• Offline
  • ****

  • 269
Let me "un-choekstr" it a bit so it is more generic and then you can add it in and beef it up if you want.  Give me a few mins to tweak and I will attach to the main post.

EDIT: Script attached to orig post.
I would love to have iperf if you have the time to cross-compile it.  I haven't taken the time to setup a compiling environment and so if you don't mind that would be great.

I would also like to keep a chart on the wiki of adapters and what rates they get for each protocol.  We have that a bit for the 1st gen adapters but nothing for the 2nd gen or Live. 
« Last Edit: March 19, 2010, 06:28:56 PM by choekstr »
--
Chris

March 20, 2010, 12:21:52 PM
Reply #3

geordi

  • Newbie

  • Offline
  • *

  • 31
Hi

One stupid question ... if I have Win7 64Bit i need an addon to have the possibility to share attached storage via NFS, correct?

Can to the WD attached storage shared via NFS so that my PC can access it via NFS? Or is only Samba possible?

Regards,
geordi

March 20, 2010, 01:02:09 PM
Reply #4

Padavan

  • Newbie

  • Offline
  • *

  • 15
choekstr
to all

I confirm this fact.

My config:
- WDTV Gen2 with WDLXTV_G2-0.4.1.9 fw (more thanks for brad-cc).
- WiFi USB adapter D-LINK DWA-140 Rev.B1 (based on ralink 2870). 
- WiFi access point based on D-LINK DIR-655 router (802.11n, frequency 2.4 GHz, bandwidth 40MHz, WPA2PSK+AES).

In the connection status, raw speed established on 240...300 mbps.

I use test mkv and m2ts files with H.264 HD 1080p.

If use mount SMB share (aka CIFS), max real speed near 35 mbps. 
Casino.21.mkv - passed
Casino.32.mkv - passed
Casino.40.mkv - stuttering

All BD-remux (from 25 to 50 mbs) play with stuttering.

If use mount NFS share (I use haneWIN NFS server for Windows), max real speed near 95 mbps!!! 
All BD-remux (from 25 to 50 mbs) playing perfect!
Very hard test bird90.m2ts (90mbps) playing perfect!
Only bird90.mkv has stuttering.

ONLY NFS FOREVER!

March 20, 2010, 05:51:09 PM
Reply #5

choekstr

  • Sr. Member

  • Offline
  • ****

  • 269
@Padavan:  Nice that you can confirm and it shows that the raw speed connected DOES have an impact on the speed of transfer.  I have been thinking about maybe a chart of adapters, raw speed they connect, and the actual throughput of each of the protocols.  This would be a nice chart for a newbie to pick his adapter and protocol.  I have heard of maximum of 110-120 with a 300Mbps connected device!  You are pretty close to this...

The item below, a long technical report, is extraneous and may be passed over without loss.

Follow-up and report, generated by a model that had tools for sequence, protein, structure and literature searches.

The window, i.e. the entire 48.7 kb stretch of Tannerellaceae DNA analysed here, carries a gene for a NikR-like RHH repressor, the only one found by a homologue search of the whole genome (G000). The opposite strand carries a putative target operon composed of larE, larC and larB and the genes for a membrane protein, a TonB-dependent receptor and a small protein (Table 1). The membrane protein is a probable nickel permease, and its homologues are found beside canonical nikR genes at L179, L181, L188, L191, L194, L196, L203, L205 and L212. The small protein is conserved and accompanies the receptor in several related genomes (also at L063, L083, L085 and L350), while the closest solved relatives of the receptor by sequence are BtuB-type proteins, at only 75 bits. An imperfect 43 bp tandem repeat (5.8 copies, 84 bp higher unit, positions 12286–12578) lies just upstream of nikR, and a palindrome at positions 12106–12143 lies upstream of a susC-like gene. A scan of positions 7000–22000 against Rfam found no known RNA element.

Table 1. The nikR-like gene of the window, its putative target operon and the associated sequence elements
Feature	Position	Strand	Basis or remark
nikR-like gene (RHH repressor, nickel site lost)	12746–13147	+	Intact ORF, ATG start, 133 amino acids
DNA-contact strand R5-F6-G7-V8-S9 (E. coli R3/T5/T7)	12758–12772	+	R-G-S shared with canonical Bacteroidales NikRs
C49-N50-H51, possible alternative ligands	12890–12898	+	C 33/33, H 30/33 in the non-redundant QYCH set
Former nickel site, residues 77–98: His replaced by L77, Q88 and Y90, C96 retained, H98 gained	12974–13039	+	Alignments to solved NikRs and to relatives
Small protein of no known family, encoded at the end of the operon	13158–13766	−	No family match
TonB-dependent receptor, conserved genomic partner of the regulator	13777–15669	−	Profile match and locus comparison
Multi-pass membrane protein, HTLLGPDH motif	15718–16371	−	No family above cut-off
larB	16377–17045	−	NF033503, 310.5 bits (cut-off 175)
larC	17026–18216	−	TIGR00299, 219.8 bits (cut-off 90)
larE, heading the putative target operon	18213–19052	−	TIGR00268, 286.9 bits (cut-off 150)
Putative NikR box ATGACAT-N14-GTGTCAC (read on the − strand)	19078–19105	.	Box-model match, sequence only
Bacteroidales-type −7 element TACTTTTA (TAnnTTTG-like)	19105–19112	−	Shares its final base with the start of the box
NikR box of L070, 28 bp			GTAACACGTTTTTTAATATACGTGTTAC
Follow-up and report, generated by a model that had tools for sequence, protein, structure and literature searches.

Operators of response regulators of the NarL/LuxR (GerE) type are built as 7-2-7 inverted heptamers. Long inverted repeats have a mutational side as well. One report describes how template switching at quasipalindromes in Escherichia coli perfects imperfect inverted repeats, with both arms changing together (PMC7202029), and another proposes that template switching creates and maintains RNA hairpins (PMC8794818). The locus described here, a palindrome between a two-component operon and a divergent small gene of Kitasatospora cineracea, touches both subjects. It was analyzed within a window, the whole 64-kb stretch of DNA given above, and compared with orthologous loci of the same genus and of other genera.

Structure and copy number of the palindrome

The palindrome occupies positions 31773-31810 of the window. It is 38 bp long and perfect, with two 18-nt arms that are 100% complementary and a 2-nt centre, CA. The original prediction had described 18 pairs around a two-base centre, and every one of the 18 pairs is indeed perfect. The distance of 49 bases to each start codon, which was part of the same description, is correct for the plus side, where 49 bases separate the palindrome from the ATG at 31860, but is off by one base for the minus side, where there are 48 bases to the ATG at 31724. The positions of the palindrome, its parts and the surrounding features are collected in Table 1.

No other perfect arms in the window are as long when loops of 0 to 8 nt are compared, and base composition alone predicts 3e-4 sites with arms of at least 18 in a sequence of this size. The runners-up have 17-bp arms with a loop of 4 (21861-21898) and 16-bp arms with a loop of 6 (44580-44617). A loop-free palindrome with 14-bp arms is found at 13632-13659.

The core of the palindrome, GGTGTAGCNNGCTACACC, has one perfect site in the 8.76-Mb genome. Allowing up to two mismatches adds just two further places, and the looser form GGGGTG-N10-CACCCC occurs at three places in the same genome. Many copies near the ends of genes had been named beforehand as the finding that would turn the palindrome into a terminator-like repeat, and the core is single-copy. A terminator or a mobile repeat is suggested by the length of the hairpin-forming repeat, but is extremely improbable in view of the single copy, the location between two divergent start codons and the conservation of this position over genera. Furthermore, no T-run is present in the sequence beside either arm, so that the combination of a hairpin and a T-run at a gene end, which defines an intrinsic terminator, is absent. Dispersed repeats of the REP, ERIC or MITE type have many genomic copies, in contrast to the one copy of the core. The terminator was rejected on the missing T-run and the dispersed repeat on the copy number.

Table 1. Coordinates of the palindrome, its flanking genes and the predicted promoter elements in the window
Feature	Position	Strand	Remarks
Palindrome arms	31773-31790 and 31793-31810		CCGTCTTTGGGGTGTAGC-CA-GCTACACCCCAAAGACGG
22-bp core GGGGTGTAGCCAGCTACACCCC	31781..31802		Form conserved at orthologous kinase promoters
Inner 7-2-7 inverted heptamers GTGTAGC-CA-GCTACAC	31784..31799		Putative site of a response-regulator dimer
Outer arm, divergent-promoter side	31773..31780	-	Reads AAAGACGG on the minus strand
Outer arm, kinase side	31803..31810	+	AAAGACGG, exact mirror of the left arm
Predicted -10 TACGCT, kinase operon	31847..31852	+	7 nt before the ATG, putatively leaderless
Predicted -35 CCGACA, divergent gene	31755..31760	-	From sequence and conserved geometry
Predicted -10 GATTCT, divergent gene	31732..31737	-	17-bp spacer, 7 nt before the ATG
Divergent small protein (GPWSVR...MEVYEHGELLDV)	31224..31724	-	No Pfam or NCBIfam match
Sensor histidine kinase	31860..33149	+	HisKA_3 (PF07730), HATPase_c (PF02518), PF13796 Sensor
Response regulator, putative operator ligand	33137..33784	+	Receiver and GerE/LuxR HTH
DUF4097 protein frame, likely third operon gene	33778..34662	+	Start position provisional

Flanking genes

@geordi: there is no built-in way for Win7 to do NFS.  You can buy 3rd party programs but NFS is a Unix/Linux thing and has been around for decades.  We all know it is a very efficient protocol and it is nice when we see numbers to support it.  Actually it isn't that it is super fast, it is just efficient so it uses as much of the bandwidth it possibly can.  Contrast this with SMB/CIFS from Microsoft where it is a bloated and convoluted protocol that cripples network transports.  With Vista and Win7 they seem to have broken it again and it is just barely back to where it was on Win98 and WinXP!

Some NAS's have NFS built-in along with SMB.  If there is a choice you should choose NFS and use xmount.  Realize the built-in GUI in the WD TV Live is only going to connect to windows and NAS shares on SMB so you can't use it this way.  You would use xmounts in a net.mounts file and then access that share in the "Local Drives" section.  I have switched over to this permanently now and even RW/FF updates the keyframes faster and more often!
--
Chris

March 20, 2010, 06:53:37 PM
Reply #6

oogabooga

  • Newbie

  • Offline
  • *

  • 10
Hi choekstr,

Thanks so much!  Exactly what I was looking for :)

Now only if there was a way to NFS mount an HFS+ formatted drive :(

Sam

March 20, 2010, 09:02:00 PM
Reply #7

choekstr

  • Sr. Member

  • Offline
  • ****

  • 269
NFS is a network transport method.
HFS is a filesystem type.

You would use NFS or SMB or FTP or SFTP or SSH to transfer the files from an HFS drive.  I am pretty sure any OSX machine can mount an HFS+ drive and share it out over NFS.